The Kingpinby Hagen Engler / 29.04.2013
If Blacks Only kingpin David Kau represents today’s comedy mainstream, we’re not doing too badly. Someone’s gotta take over from Leon Schuster.
David Kau’s done working for the man. And that doesn’t just mean no more nine-to-five. He probably works longer hours than that anyway. Mr Kau is done working for anybody. “I work for myself,” he asserts firmly. He owns or co-owns several companies, which manage different parts of his multi-faceted comedy career. There’s a production and promotions company, an events company and an entertainment website that showcases and promotes his shows.
This weekend’s Blacks Only gig? Oh, that’s his brand too. “I think I must’ve MC’ed about fifty Blacks Only’s by now,” he muses. “I’ve lost count”.
While the comedians are mainly black these days, that doesn’t mean the promoters are.
It didn’t take David long to work out what’s what, and he didn’t get up on stage so he could be exploited by some white dude smoking cigarettes at the back of the club. So today he has a personal or a financial stake in everything he does – Taxi Ride, the film he produced that’s becoming a TV series, Blitzpatrollie, the movie he’s starring in, his comedy shows, the legendary Pure Monate Show, the annual Christmas charity bashes in Kroonstad…
He’s a funny dude, but he takes his career dead serious. There’s a wife and two kids to support these days.
It feels like David Kau has been around forever. And he has, by contemporary standards. When he made his comedy debut back in 1998, it was before Idols, before Parkers Comedy & Jive, before The Sopranos, before the DA, hell, Madiba was still president!
So he’s been in the stand-up game for a while, and done every kind of gig you could imagine a comic playing in this country.
“By this stage I’ve played just about every kind of room you can think of,” he says. “Corporate gigs, Chinese people, the NPA, the government, I’ve performed for the president…”
And what has he learnt? What have been the gleanings from that decade and a half on the road as a working comic? From when he tweaked the material from his UCT third-year drama project into a few hot minutes at the Smirnoff Comedy Festival?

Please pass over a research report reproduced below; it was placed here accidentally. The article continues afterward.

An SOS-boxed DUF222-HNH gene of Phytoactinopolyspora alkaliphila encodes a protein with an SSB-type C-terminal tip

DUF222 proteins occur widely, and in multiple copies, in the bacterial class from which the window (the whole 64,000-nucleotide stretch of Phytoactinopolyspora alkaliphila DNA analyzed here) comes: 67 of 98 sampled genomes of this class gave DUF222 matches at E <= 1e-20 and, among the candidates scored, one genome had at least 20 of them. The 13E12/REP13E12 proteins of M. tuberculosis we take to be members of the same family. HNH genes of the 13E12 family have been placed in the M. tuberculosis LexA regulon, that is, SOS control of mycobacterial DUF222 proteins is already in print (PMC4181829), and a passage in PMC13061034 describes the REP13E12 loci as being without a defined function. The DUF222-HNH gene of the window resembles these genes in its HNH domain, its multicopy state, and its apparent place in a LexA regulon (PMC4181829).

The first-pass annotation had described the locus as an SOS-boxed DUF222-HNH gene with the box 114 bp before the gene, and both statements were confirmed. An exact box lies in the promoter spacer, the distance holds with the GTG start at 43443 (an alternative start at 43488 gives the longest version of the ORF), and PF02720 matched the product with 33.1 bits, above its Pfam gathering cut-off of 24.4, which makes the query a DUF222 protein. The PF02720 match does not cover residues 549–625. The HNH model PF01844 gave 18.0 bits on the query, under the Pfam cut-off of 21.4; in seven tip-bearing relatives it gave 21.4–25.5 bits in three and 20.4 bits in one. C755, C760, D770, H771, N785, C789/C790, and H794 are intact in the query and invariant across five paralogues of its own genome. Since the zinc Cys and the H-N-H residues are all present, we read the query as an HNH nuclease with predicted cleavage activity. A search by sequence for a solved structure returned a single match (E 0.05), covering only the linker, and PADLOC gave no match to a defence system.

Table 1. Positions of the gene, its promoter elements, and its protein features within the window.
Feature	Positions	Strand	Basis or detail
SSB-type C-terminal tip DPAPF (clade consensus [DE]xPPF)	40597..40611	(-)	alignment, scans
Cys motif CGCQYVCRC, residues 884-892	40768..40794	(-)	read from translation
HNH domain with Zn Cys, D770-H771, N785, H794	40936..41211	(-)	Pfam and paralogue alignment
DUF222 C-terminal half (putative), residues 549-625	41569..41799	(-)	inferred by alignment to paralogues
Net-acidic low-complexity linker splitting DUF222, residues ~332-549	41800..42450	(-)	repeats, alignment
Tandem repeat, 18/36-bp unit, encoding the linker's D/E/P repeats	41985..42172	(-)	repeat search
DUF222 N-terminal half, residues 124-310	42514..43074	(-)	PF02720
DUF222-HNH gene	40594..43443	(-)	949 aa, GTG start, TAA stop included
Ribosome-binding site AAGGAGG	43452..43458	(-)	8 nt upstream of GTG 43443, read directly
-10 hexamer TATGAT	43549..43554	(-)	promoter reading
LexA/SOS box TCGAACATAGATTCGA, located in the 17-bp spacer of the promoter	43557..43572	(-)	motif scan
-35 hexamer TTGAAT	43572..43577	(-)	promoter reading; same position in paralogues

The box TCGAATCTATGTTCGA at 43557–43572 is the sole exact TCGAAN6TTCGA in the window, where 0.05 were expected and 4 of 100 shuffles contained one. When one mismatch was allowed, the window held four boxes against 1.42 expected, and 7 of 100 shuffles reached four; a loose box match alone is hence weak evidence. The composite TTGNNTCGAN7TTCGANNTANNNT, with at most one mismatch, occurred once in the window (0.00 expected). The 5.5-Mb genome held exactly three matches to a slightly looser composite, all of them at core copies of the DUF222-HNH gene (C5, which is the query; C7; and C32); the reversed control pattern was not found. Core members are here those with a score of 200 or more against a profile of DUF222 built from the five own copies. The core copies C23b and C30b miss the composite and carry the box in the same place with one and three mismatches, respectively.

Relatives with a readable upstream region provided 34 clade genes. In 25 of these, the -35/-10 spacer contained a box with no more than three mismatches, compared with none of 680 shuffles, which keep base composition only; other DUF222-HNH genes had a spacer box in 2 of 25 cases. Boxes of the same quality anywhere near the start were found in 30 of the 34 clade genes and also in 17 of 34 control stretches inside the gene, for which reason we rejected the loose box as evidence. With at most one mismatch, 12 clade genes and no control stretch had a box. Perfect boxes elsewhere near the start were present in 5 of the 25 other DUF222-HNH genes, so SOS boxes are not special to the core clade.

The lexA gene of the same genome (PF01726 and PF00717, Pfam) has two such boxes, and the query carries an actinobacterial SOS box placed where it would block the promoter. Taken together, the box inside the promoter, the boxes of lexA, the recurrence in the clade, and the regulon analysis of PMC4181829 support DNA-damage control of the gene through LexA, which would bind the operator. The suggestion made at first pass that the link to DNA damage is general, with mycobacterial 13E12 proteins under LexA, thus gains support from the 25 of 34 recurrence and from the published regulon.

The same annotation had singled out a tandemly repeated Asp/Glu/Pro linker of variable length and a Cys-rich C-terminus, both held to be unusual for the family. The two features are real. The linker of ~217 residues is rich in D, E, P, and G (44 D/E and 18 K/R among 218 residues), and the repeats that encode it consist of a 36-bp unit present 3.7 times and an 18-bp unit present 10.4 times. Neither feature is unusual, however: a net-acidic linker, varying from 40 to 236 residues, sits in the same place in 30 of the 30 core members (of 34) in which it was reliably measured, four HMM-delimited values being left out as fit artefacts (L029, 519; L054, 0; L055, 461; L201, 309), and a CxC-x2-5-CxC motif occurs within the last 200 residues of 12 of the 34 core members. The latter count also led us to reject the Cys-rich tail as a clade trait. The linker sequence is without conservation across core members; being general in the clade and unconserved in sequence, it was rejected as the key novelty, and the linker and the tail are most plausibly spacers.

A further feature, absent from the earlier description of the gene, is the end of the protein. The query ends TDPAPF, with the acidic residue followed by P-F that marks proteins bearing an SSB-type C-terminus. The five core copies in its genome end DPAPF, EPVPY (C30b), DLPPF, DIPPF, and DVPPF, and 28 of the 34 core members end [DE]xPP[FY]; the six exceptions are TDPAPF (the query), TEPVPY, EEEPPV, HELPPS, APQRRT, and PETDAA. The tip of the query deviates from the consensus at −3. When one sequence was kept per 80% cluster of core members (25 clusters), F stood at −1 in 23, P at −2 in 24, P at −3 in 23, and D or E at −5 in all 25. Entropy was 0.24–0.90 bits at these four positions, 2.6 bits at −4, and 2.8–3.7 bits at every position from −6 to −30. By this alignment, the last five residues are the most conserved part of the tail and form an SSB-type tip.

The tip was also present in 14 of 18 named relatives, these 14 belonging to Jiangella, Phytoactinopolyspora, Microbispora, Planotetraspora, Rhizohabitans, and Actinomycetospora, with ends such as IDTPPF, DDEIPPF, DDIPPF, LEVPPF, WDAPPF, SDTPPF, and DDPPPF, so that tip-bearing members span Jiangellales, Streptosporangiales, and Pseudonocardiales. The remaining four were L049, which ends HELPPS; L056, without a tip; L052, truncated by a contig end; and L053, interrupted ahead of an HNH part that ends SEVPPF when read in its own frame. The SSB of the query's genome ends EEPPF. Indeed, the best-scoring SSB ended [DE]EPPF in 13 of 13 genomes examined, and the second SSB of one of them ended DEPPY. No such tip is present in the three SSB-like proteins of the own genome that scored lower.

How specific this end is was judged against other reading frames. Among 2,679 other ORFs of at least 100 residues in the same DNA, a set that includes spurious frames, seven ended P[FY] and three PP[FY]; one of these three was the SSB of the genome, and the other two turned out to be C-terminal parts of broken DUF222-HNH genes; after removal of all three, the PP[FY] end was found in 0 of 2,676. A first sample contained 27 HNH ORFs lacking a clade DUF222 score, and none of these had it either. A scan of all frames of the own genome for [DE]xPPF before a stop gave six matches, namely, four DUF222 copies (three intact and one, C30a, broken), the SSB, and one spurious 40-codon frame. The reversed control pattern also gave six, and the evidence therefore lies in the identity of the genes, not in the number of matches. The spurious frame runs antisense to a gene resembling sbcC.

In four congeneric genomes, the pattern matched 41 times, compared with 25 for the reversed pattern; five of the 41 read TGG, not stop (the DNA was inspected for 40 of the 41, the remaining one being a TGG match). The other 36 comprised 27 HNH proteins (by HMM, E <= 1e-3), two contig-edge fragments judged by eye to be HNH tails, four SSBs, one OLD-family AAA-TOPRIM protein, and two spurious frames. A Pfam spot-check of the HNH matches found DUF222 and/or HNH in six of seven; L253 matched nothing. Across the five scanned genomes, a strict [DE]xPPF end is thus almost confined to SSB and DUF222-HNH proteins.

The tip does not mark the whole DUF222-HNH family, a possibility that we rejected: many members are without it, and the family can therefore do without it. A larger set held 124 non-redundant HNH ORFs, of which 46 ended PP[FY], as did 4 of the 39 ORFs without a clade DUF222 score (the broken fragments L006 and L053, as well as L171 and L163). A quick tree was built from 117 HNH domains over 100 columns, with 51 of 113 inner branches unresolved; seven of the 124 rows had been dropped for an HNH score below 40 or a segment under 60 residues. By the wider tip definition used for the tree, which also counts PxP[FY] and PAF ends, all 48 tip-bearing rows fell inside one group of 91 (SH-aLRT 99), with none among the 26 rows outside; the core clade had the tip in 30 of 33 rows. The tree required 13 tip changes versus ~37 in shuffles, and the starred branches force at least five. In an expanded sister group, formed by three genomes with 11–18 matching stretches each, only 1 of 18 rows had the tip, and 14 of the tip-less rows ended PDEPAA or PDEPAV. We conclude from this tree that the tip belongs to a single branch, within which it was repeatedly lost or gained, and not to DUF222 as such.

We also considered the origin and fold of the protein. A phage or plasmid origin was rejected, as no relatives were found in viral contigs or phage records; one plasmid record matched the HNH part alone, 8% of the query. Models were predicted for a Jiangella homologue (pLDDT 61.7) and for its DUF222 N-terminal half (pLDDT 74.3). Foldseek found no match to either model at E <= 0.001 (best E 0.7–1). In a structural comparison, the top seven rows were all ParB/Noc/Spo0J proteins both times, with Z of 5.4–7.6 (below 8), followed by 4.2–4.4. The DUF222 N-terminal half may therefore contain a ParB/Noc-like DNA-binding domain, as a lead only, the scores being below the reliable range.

“The rules of comedy? Let’s see. Firstly, respect your audience. You want them on your side. So I don’t come out abusing them. Also, don’t dumb your material down because you don’t think a crowd will understand it. Put it out there and let them tell you. Secondly, respect the venue. Stick to the time slot you’ve been given. If they’ve given you five minutes, and you’ve got a hot nine, you’ve still got to do five. Going over time is disrespectful to the venue, the organisers and your fellow comics. Thirdly, just be original – be yourself, don’t copy anyone and try have fresh material.”
The Three Comedy Commandments are gold for a noob starting out, but what you can’t teach is the intuition that only comes from hard years on the road.
“I try research what kind of audience I’m likely to get, but after a while you just develop an instinct about what’s going to work. Also, I do material that everyone can relate to. Everyone has watched Generations, they’ve all been to the bank, so those are good comedy references.”
Not for David the obscure, self-indulgent march out on a limb and see if anyone gets it. This is mainstream comedy. The corporate gigs, the government gigs, the slapstick movies. This is the mainstream space recently vacated by the likes of Leon Schuster. The people come to be entertained, and entertained they are.
“Sometimes people come to hear the same jokes they heard the last time. Other times they want new material. So I’m always writing new stuff, but I’m also trying to gauge whether some old classics might work.”
David Kau might not be the edgiest comic south of Musina, but the mainstream has sounded a lot kakker than David Kau in days gone by, as a listen to some of comedy’s “elder statesman” will reveal.
Often overlooked in David’s “first black comic” hype is how young he was starting out. Dude was 20! So his revolution was as much generational as cultural. Has he found audiences changing over time?
“Ja. A lot of them have grown up with me, so I don’t have to overthink it. What I find funny, they will find funny. But the new generation is different – they speak a lot of English, less vernac, their lives are fine, and they have no interest in politics.”
Upon such sociological observations are comedy sets built. And it’s that ability to observe accurately that makes a good comic. This man currently finds himself at the epicentre of a comedy nexus where promotion, performance, movie production and acting cross paths profitably. So he must be a pretty good observer.
It’s good to be king, but Kau doesn’t see it like that. For him, the SA comedy scene is an overlapping set of alliances and it’s impossible to succeed alone, without the other guys. David Kau is master of his own financial and artistic destiny, but he plans to succeed with his crew.
“I’d like to try do some more movies. That’s what Kagiso and I wanted to do all those years ago. It’s taken us 18 years to get to a place where we can actually make them happen, so we’re gonna keep going!”